Study confirms Denver’s desire to turn National Western Stock Show area into agribusiness epicenter

Posted on Nov 11, 2016


national-western-center-impact-reportReturning the aging National Western Complex to the framework of its original self is what might actually be needed to revitalize the north Denver neighborhood, according to a report released Thursday.

The NextGEN Agribusiness Economic Development Study, which cost the city $ 200,000, found that by providing a framework, the city of Denver could create a global agribusiness epicenter for research. Colorado State University and Denver International Airport are already partners in the proposed National Western Center, which should focus heavily on food, animal health and water. But this isn’t about bringing the meat packers and cattle ranchers back to the neighborhood. It’s about bringing the researchers and innovators to figure out how to steer the next-generation meat packers and cattle ranchers.

“The reality is that when we think of how we’re going to feed 7 billion people going forward and deal with earth’s most precious resource — water — somebody’s got to study that. Somebody’s got to help determine what we’ll look like going forward,” Denver Mayor Michael Hancock said. “We have the intellectual capital and the wonderful institution of CSU. We have Denver Water. And we have the interest of agribusiness and now, studies that show this is where it’s going to emanate from. So why not Denver?”

The core of the plan is a 250-acre campus that would house private companies and public organizations to stimulate collaboration. The study identified areas with the most growth and job potential, including water and infrastructure, beverage manufacturing, cattle management and even drones used for agricultural purposes. Potato farming also showed a lot of potential for growth. Such industries have added 10,000 jobs in the state but they had the potential to create many more.

“We’re laying out the strawman for the big idea,” said Kelly Leid, executive director of the Office of the National Western Center.

In the late 1800s, the area near the intersection of Interstate 70 and Brighton Boulevard brought farmers and ranchers together.

“Like all things, they had a need they were trying to fill. How do we as farmers and ranchers compete in a national market?” said Leid, noting that the first Stock Show was in 1906. “Denver was an emerging city. We were Cow Town.”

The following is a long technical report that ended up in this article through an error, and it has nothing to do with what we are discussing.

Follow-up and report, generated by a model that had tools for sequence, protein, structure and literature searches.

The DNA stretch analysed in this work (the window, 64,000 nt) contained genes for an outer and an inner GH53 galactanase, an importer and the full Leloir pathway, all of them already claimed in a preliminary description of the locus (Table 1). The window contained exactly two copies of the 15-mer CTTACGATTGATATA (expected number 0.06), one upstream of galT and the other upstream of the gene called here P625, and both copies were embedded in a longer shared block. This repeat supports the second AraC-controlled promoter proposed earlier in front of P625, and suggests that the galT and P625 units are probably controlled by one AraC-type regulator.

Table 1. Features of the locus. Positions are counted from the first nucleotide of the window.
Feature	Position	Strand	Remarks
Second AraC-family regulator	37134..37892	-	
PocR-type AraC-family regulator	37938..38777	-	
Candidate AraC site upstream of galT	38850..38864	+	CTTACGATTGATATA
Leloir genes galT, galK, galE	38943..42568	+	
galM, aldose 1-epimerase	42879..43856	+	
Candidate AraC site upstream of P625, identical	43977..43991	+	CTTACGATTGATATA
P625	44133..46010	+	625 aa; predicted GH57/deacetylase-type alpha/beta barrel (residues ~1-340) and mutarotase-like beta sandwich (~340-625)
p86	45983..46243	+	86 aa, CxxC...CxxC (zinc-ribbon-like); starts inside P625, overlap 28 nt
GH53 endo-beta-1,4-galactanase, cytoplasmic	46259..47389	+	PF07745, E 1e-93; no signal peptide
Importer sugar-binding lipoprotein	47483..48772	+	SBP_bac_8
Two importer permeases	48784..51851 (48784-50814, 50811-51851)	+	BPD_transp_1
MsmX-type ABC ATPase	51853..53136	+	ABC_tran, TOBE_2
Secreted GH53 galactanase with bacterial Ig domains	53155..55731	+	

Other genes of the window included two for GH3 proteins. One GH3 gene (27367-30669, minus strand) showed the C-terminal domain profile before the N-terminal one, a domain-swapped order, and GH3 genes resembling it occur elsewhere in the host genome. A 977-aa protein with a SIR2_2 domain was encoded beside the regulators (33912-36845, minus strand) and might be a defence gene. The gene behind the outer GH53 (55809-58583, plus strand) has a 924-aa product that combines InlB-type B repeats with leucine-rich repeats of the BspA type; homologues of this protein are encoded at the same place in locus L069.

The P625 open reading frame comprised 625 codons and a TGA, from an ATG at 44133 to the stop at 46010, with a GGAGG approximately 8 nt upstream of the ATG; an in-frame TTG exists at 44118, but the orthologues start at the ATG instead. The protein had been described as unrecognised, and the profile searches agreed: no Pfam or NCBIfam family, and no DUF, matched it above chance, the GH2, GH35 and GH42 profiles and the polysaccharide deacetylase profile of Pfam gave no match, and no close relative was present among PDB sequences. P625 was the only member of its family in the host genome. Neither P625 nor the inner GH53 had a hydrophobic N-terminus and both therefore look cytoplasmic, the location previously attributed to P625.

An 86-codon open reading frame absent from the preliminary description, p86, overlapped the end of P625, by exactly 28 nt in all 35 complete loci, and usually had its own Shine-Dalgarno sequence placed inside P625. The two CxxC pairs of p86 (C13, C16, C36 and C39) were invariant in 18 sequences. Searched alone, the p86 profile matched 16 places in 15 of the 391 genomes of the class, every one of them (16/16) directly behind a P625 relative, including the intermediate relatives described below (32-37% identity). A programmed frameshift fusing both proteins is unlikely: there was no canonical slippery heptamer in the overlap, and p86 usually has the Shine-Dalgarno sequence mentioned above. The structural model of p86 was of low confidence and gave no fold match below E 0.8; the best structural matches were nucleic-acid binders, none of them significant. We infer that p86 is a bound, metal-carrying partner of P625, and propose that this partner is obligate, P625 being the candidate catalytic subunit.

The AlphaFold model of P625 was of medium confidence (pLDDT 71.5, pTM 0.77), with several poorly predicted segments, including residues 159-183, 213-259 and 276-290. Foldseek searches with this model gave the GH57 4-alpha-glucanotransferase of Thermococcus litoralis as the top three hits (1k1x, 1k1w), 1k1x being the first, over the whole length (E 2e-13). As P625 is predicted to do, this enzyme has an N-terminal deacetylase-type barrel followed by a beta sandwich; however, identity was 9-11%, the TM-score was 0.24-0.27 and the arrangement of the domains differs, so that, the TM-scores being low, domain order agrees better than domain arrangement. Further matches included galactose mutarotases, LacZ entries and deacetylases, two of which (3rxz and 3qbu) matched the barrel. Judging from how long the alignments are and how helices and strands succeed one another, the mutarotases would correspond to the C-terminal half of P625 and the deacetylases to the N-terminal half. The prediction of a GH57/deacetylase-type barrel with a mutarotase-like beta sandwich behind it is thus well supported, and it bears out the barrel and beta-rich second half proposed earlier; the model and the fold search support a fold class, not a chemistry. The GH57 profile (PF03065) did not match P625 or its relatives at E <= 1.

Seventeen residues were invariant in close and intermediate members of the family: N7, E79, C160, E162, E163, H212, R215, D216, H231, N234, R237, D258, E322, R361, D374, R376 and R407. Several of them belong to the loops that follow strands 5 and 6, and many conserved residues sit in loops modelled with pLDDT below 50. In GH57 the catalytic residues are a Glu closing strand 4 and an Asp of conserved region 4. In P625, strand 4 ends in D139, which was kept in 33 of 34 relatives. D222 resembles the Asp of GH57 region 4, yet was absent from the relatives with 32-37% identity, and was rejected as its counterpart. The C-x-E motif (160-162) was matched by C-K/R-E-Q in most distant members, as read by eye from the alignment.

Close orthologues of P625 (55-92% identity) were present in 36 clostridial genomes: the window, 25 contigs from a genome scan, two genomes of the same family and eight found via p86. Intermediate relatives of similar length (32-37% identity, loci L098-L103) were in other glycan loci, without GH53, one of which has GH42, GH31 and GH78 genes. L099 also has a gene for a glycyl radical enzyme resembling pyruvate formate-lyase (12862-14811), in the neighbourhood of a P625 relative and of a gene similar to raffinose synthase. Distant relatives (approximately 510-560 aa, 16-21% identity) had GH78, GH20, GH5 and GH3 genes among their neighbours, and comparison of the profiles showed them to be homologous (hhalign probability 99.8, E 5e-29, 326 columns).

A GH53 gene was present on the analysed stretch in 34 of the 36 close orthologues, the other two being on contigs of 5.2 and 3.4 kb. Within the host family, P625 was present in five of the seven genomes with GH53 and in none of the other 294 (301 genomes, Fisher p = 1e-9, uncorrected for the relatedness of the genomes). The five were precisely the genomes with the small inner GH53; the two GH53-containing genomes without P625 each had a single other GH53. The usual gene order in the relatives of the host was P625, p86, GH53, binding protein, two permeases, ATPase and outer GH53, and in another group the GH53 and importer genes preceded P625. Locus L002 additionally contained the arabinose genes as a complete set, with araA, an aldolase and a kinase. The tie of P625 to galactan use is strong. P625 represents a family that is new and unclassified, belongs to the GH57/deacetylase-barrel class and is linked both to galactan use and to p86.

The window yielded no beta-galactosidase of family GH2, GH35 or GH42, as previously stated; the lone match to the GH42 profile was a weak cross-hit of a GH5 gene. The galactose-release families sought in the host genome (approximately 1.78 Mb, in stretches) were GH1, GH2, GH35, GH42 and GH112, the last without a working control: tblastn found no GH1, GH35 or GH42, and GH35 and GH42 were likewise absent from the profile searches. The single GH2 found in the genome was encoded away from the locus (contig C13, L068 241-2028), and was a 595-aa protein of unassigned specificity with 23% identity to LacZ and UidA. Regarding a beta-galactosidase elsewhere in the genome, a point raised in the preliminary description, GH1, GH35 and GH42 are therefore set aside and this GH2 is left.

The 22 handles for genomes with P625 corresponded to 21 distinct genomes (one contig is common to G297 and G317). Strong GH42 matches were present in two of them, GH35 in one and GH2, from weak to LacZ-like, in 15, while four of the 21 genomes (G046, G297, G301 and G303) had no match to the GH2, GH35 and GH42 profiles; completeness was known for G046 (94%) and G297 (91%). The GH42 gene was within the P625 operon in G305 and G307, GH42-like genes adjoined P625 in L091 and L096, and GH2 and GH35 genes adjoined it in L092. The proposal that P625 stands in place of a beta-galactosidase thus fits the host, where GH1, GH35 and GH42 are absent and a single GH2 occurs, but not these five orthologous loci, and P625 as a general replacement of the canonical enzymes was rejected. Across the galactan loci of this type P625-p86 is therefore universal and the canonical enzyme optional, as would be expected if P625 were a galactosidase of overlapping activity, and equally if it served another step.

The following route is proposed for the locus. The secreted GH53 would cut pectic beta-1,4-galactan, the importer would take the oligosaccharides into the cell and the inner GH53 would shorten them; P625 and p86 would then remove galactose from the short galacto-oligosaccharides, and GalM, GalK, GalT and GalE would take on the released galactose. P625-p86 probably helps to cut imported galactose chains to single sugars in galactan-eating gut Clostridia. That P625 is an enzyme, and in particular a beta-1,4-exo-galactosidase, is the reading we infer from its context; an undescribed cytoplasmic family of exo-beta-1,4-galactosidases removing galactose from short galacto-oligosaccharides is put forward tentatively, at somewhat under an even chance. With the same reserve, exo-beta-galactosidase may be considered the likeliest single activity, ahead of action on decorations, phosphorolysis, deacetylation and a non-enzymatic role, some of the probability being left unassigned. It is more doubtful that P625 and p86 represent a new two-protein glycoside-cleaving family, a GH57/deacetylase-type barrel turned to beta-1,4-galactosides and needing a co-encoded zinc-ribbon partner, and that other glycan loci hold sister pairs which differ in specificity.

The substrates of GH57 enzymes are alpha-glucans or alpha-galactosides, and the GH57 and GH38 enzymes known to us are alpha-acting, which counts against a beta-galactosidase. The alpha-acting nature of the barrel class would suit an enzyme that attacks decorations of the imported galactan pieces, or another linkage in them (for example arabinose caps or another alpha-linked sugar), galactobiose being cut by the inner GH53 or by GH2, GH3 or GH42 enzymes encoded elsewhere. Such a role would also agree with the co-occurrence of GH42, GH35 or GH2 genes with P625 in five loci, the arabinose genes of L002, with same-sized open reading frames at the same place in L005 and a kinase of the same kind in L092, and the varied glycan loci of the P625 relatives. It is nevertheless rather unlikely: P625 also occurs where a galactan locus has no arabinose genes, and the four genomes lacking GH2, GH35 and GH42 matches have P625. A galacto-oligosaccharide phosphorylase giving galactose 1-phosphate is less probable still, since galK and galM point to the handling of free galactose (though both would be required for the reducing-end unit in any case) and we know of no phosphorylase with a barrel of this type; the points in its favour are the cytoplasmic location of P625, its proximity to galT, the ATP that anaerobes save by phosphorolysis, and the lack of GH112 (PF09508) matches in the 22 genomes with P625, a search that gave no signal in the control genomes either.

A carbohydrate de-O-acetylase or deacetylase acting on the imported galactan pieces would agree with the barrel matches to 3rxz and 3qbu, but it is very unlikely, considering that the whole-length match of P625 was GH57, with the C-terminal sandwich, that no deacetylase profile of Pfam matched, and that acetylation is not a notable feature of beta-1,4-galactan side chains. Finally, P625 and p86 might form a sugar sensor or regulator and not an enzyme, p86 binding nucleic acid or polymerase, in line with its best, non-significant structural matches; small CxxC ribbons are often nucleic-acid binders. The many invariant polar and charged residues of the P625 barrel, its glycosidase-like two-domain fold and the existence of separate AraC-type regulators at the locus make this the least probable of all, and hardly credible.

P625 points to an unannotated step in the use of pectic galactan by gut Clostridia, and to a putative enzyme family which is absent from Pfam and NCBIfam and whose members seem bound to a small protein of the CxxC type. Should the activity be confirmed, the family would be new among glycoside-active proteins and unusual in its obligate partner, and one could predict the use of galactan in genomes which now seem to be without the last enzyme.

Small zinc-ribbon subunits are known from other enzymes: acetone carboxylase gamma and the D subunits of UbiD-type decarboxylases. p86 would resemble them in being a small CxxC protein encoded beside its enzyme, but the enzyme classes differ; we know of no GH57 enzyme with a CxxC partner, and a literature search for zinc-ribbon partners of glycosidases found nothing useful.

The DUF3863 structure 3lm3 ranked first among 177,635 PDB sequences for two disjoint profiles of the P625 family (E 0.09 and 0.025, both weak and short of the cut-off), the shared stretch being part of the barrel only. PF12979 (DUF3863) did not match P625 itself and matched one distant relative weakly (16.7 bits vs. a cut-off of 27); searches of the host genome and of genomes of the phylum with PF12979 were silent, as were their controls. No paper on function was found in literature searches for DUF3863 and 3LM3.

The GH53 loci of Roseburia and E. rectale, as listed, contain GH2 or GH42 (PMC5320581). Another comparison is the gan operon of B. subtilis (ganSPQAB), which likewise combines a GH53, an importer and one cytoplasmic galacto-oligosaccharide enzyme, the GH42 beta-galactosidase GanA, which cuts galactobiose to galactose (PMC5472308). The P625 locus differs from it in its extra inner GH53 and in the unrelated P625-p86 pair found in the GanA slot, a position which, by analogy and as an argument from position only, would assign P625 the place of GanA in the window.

But today’s agriculture world isn’t so collaborative, he said.

“This idea that we’ve learned from our past and it’s now just a new set of conditions. It brings a lot of the same parties together to solve the next generation’s problems,” he said. “This cross-pollination of industries doesn’t exist anywhere on the scale we’re describing. The National Western Center can become this place to pollinate ideas across sectors.”

While the project is expected to take a decade to become reality, the city has already acquired about 30 percent of the land needed to get started. Paul Washington, executive director in Denver’s Office of Economic Development, added that over the next 12 months, the city will create agribusiness-job training programs, an innovation fund and a special district to attract international companies. The special district could swell to thousands of acres because of CSU and the airport.

There’s also been outreach to groups that departed long ago, like the Colorado Cattlemen’s Association, which left the neighborhood for Arvada around 1990.

“The association has been a Denver citizen since 1867,” said Terry Fankhauser, its executive vice president. “But I’ll be honest. The reason we moved was the community started to suffer. It was an old, industrial area and becoming more dilapidated.”

Fankhauser wasn’t part of the report but said his group offered feedback. He’s encouraged by the idea of creating agribusiness incubators and by outreach to global companies. And seeing the city’s commitment to change the area into a more thoughtful hub for the industry has the group fired up.

“We’re committed to being supportive and helpful where we can to make this a reality to the point where we stand ready to relocate to that area even if it’s not entirely completed,” he said.

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